Now this could be 'interesting stuff' for night fishing or [Archive] - Fly Fishing Forum

: Now this could be 'interesting stuff' for night fishing or


fredaevans
07-04-2003, 08:45 AM
http://www.proglow.com/

use in coloured water with a very bright basic fly pattern.
fae

jcc_00
07-24-2003, 02:30 PM
fae
Did you ever use this stuff? Spring run off, deep and slow.....

Steelheader69
07-24-2003, 05:51 PM
Didn't I ever send you my glow in the dark flies???? I have some strictly for late night fishing (if one does that) and some I add in to the mix. Pretty good flies. Plus can be used during the day, and adds nice internal light to the silhouette when fishing as the sun goes down. I'll send you some with the fly swap (man, I should be writing down orders for all the extra flies I'm tying :D )

But, work great, you may like them.

fredaevans
07-24-2003, 08:26 PM
Only "added feature" to these materials would be very 'stained' waters or very early/late in the day. No apparent effect on Mr. Steelhead To You!, but it did catch Mr. Fall Salmon's attention very late in the day.

Very interesting stuff to tie with but, candidily, not sure if it really brings anything to the party if your fishing clear water conditions.
I will use white rubber legs in some black patterns for late day use, and it does seem to bring something to the party. But not during regular day light hours.
fae

BobK
07-24-2003, 09:39 PM
What fly tying material is THIS stuff used in. I can only understand the phosphorescent material being used in plastics or some other manufactured material. I'm not aware of any - except the older, lower powered materials.

My question, very simply, is what materials is "proglow" put in that is a fly tying material??

Many, many years ago, I fished Catherine Creek, when it was prime water in the east for lake-run rainbows, with my buddy who lived close by. He made up some "Moonglow" marble-sized chunks of plastic (yellowish-green, it glowed slightly in the dark when exposed to light) in his kids' old "Thingmaker" (a kid's casting/molding kit for children). This was about in the mid-60s.

That was the answer that day in the muddy water - we had GREAT success, and my old glass flyrod was bent double most of the day. My old Pflueger reel got a good workout that day, too.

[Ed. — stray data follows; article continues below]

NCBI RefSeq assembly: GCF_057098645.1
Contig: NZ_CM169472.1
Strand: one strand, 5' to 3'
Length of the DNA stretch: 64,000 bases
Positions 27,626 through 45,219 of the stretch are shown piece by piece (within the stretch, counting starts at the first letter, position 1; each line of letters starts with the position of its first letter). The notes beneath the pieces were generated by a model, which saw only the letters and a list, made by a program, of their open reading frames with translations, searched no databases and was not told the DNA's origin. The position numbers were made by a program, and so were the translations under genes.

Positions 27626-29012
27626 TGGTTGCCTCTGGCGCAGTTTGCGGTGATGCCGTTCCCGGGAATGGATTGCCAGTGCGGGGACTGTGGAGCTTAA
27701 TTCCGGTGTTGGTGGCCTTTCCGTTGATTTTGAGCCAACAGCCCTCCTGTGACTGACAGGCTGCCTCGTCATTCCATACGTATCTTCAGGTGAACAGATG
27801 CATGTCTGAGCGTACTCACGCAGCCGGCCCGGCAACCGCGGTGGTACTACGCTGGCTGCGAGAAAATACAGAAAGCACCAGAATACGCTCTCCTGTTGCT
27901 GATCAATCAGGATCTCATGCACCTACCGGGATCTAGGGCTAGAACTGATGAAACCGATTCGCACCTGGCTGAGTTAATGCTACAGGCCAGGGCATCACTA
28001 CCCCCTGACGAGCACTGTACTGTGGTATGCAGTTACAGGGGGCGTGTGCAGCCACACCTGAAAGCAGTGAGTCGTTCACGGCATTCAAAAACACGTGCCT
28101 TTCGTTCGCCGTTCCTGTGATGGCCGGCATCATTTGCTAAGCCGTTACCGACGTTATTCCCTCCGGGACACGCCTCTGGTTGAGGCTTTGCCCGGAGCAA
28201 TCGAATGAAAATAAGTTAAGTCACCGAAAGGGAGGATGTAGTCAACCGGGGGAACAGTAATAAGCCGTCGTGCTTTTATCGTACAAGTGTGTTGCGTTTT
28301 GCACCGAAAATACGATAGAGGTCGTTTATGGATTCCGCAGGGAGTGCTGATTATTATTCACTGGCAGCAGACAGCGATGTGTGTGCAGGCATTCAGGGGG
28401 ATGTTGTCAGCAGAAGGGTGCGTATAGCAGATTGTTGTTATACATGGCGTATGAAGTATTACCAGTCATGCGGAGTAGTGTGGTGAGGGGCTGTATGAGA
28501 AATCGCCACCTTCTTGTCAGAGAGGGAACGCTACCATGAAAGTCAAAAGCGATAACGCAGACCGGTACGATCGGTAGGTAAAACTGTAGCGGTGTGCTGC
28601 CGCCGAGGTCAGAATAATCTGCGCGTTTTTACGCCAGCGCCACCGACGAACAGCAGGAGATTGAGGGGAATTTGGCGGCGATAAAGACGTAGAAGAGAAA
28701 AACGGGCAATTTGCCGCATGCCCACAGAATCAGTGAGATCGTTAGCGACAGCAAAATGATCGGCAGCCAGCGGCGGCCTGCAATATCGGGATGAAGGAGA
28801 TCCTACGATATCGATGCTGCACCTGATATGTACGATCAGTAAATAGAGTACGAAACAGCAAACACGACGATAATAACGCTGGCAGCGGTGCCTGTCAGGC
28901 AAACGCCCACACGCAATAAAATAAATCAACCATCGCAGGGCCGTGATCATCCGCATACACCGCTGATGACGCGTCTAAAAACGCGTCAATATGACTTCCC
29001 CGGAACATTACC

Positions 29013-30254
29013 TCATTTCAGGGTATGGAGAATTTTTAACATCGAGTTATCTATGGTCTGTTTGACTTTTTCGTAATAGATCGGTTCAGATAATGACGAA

One guy was a pain in the butt - he stood downstream, in the middle of the stream, and wouldn't move whenever anyone had a fish on. After I lost two due to him standing there (they ran downstream around his legs, but he wouldn't budge), I hooked another, and it ran right between his legs. I yanked up violently on the rod, and the line snapped up in the vicinity of his "family jewels". Man, did he move then, and took a good flop in the snowmelt water! Cost me a good fish, but everyone had a good laugh! He came up spitting water, and coughing, and said, indignantly, "What did you do that for?" My response to him is unprintable, and I made some "unkind remarks about the marital status of his parents" as he stomped off to his car, and everyone streamside was roaring. Fishing improved for all after he left! :hehe: :hehe:

So I am a believer - it works well under the right conditions!

BobK

fredaevans
07-24-2003, 11:10 PM
word of the following:

"Cost me a good fish, but everyone had a good laugh! He came up spitting water, and coughing, and said, indignantly, "What did you do that for?" My response to him is unprintable, and I made some "unkind remarks about the marital status of his parents" as he stomped off to his car, and everyone streamside was roaring. Fishing improved for all after he left."

Some folks are far thicker than a brick between the ears. And "he's " probably still clueless today. Acron falling from the tree thing here.

But to your question: don't know the answer to your specific question, but science keeps coming up with more interesting things everyday. If zooplankton can do it, why not us?

:devil:

fae